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London : Samuel Bagster & Sons

General Gordon's Bible. 1831-32

17.0 x 4.0 cm (book measurement (inventory)) | RCIN 1053441

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  • 1831/2 octavo edition of The English Version of the Polyglot Bible, published by Samuel Bagster (first printed 1816).

    This Bible was owned by the British army officer and colonial administrator General Charles George Gordon. It was given to him on the day of his birth, 28 January 1833, by Amelia Enderby, a relative of his mother.
    In 1854, while stationed in Pembroke Dock, he came under the influence of an Irish officer, Francis Drew. Under Drew, Gordon became a devout Christian, an attribute which came to define much of his later career, particularly after his recovery from smallpox in 1862.
    In the 1860s, Gordon pursued a successful military career in China, serving as one of the European officers leading the ‘Ever Victorious Army’, a Chinese regiment responsible for putting down the Taiping Rebellion in 1864. He was also recognised for his achievements in defining the border between the Ottoman Empire and Russia following the Crimean War (1853-1856).
    From 1872, he began a career in Africa, first working for the Khedive of Egypt, Isma'il Pasha, assisting him in his imperial ambitions in Sudan (then a part of Egypt) and central Africa, before undertaking various roles in colonial administration in the British central African colony of Equatoria (now South Sudan and part of northern Uganda). In 1877, Following Isma'il's removal from power by an Anglo-French consortium responsible for managing Egyptian finances, Gordon was given the General-Governorship of Sudan. In this post, he was given the responsibility of putting down Sudanese resistance to British rule and led an unsuccessful diplomatic mission to Abyssinia (now Ethiopia).
    The failure to achieve diplomatic or military success during his three years in Sudan, as well as the failure of his own personal goals in introducing what he believed were superior Christian values to the region proved to be traumatic for Gordon's mental health. He resigned the post in 1880 and experienced a nervous breakdown, which further intensified his faith.
    On the flyleaf of his Bible, Gordon had written the names and dates of each of his postings. His time in Sudan over this period was the last entry marked. According to a footnote in the correspondence published by his sister Mary Augusta Gordon in 1885, the Bible was given to her after his return from Africa as ‘it was then so worn out’. Indeed, the book was heavily used Gordon, he annotated it with copious notes and appears even to have resewn the spine to prolong its life.
    In 1884 ,Gordon was again dispatched to Sudan, this time to report on the situation and to evacuate British soldiers and civilians following the outbreak of the Mahdist War. Disobeying his orders, Gordon remained in Sudan with a band of soldiers and attempted to defend Khartoum, corresponding with the Mahdi, Muhammad Ahmad (see RCIN 1000509). Due to his refusal to accept the Mahdi's terms, Gordon became a popular public figure among the British public, despite the government's reluctance to send a force to help lift the siege. Public pressure resulted in a small force being sent and it arrived at Khartoum in January 1885, two days after Gordon's death and the city's capture by Mahdist forces. Once news reached Britain of the events, Gordon's reputation was further increased and soon his achievements were being exaggerated to the point of his being declared a martyr to the imperial cause.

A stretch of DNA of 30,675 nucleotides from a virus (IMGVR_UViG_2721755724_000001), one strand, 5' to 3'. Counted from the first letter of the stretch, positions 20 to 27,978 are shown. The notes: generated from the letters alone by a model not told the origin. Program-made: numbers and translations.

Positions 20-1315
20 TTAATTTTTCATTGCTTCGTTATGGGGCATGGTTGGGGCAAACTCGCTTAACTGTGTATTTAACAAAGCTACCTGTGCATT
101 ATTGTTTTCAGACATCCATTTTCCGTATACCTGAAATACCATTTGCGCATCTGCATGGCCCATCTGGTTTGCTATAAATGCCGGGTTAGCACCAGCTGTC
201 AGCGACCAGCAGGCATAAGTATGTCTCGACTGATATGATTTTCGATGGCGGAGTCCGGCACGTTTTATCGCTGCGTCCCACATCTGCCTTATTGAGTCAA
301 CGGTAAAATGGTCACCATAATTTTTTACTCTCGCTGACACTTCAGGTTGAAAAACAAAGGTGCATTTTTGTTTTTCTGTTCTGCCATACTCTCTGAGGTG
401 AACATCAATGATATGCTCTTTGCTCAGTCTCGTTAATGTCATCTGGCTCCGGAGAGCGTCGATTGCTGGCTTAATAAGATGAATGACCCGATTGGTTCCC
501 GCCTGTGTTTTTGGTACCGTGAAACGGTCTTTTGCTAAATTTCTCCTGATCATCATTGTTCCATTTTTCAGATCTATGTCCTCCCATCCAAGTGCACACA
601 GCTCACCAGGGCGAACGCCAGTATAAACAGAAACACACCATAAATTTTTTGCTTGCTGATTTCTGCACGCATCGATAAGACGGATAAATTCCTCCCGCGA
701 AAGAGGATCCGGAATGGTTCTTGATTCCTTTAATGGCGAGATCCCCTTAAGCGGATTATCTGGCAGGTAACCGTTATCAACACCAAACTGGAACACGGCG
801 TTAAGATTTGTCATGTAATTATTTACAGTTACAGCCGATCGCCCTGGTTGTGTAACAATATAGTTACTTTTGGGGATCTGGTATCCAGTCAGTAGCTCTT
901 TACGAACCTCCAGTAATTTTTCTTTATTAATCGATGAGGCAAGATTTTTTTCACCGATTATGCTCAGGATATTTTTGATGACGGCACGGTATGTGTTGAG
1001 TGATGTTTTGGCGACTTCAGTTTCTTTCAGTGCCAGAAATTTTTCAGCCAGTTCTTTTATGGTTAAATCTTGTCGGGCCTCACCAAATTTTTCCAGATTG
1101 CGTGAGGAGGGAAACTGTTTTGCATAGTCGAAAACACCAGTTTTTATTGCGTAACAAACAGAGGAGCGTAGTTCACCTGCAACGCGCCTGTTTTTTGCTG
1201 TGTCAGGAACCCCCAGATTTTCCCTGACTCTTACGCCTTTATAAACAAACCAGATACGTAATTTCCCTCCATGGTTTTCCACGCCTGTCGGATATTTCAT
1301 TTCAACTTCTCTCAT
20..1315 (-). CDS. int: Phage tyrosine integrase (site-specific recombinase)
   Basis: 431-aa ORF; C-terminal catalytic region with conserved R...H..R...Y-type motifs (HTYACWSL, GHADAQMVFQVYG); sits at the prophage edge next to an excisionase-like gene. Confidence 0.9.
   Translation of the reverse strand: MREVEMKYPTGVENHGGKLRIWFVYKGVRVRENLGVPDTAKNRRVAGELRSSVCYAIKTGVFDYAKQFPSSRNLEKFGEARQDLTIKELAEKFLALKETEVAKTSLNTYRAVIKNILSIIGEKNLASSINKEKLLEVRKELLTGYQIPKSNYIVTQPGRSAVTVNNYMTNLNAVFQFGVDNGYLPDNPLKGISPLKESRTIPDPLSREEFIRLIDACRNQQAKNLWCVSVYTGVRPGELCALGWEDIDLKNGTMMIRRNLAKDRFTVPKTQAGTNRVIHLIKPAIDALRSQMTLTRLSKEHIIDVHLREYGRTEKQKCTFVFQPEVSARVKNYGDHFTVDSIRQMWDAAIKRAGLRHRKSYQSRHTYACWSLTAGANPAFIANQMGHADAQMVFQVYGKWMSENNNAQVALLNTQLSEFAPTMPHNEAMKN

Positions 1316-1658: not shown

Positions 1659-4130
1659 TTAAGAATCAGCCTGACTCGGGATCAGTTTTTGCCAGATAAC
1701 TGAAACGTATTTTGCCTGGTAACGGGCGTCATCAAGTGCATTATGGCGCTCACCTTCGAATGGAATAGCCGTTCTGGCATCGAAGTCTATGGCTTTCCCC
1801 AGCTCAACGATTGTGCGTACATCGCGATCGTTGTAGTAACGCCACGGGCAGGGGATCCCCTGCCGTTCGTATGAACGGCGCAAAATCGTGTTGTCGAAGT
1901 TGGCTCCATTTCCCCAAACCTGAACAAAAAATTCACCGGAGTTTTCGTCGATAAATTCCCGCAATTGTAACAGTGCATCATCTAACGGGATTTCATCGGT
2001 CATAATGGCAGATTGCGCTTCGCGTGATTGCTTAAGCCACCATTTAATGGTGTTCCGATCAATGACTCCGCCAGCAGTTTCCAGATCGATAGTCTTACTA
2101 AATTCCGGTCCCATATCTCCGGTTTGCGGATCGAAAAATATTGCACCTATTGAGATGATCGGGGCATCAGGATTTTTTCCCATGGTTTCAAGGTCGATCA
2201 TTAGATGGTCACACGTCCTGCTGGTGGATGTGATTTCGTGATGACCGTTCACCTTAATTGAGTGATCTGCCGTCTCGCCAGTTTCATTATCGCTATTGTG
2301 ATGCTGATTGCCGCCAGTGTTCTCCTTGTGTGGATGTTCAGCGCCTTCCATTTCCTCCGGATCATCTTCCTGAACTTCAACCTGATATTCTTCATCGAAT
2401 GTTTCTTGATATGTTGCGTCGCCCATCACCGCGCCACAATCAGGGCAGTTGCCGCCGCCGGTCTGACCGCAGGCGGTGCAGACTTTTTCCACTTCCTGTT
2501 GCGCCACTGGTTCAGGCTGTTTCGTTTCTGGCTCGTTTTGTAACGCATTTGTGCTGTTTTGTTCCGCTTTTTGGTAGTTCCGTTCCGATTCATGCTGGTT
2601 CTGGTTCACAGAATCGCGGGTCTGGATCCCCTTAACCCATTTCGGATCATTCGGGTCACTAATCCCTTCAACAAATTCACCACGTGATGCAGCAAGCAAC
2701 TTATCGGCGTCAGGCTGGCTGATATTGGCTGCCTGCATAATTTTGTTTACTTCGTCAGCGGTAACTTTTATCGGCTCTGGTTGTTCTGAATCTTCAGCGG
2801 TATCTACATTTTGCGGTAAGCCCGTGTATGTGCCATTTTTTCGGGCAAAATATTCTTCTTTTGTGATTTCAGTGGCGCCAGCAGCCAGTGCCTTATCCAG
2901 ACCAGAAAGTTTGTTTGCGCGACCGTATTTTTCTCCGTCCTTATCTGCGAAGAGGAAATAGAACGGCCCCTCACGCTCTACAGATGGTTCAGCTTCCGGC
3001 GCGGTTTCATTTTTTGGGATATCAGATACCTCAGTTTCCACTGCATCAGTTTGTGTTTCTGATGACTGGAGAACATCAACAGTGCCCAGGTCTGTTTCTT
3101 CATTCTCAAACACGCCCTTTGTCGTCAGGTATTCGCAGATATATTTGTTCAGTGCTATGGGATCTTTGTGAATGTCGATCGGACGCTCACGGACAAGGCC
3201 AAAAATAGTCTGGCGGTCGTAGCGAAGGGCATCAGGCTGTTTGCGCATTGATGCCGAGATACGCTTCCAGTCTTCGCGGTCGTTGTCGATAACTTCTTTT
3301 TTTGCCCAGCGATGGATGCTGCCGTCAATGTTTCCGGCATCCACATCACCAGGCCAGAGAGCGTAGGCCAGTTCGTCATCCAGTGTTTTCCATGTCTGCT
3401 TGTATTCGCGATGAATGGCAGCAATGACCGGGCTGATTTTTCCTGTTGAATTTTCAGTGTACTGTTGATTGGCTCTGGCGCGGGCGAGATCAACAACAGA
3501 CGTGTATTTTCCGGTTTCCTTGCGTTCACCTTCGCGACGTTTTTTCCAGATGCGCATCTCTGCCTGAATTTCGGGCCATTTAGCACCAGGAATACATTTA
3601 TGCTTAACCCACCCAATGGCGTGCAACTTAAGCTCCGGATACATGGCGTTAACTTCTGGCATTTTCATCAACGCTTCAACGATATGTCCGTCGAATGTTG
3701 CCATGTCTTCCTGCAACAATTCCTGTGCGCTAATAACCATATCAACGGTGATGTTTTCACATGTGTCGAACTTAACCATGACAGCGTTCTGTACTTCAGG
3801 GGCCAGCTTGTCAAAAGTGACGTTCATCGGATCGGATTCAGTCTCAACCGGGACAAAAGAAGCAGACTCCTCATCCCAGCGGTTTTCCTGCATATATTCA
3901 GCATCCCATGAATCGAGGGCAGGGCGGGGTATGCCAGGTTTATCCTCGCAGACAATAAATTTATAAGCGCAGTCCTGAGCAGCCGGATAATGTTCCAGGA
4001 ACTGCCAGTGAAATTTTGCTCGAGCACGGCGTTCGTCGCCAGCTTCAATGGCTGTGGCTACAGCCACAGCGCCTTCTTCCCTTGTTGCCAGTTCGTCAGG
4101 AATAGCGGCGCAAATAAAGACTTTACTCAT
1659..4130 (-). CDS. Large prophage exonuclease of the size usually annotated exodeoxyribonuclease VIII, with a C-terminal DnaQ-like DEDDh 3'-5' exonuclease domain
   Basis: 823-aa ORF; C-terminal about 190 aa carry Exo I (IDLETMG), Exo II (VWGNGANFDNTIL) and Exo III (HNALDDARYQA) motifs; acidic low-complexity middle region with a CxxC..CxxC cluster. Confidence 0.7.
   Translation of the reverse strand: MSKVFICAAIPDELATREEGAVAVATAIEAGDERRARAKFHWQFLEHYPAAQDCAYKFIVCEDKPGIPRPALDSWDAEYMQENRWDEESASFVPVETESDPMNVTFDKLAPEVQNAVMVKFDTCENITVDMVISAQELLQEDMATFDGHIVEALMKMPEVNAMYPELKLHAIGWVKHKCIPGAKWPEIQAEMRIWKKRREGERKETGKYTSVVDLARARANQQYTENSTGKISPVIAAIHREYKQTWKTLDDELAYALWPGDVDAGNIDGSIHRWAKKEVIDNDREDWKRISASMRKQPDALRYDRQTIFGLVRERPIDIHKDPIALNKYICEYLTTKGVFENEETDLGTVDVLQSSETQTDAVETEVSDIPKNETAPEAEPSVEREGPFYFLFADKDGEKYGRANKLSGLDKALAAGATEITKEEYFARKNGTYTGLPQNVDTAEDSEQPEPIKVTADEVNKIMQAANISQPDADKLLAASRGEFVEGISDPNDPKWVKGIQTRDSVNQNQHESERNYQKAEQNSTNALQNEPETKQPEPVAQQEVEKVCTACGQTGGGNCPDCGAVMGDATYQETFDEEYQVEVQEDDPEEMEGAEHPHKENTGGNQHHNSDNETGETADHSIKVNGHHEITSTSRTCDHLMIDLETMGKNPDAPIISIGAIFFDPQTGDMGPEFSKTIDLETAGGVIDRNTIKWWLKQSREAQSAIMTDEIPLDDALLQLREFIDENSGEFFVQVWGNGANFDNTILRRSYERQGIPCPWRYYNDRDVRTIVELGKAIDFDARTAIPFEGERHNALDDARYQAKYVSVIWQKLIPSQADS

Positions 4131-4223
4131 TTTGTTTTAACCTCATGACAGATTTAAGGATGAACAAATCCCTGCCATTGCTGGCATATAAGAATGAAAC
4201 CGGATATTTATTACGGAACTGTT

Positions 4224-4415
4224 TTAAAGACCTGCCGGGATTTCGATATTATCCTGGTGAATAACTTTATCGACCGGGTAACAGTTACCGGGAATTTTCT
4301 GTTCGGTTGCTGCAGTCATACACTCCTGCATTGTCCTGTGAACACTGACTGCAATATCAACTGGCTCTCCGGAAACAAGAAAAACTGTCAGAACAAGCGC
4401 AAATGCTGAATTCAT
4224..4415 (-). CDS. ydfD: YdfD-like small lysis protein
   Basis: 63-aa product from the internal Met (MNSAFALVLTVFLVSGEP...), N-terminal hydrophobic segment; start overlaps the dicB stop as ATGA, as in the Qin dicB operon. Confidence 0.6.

Following Gordon’s death, his sister presented the Bible to Queen Victoria in conjunction with "the last and best" photograph taken of him and other memorabilia. The Queen had followed Gordon's actions in Sudan closely, recording almost daily in her Journal whenever a telegram was received. On its arrival at Windsor Castle on 25 March 1885, the Queen proceeded to place the Bible inside an ornate rock crystal display case on the Grand Corridor (RCIN 30037). 
    Among the memorabilia accompanying the Bible are draft passages, written in March 1881, on religious matters including the significance of light and its relationship with God, and justification for the punishment of crimes. These notes provide a clear indication of the personality and religious conviction of Gordon and his behaviour in the later years of his life.


    Given to Charles Gordon on the day of his birth, 28 January 1833, by Amelia Enderby. Later given by Gordon to his sister, Mary Augusta Gordon, c. 1881. Presented by her to Queen Victoria, March 1885.

  • Measurements

    17.0 x 4.0 cm (book measurement (inventory))

    33.5 x 5.0 cm (book in slip case)

  • Other number(s)
    Alternative title(s)

    The English version of the Polyglot Bible...

    Bible. English.

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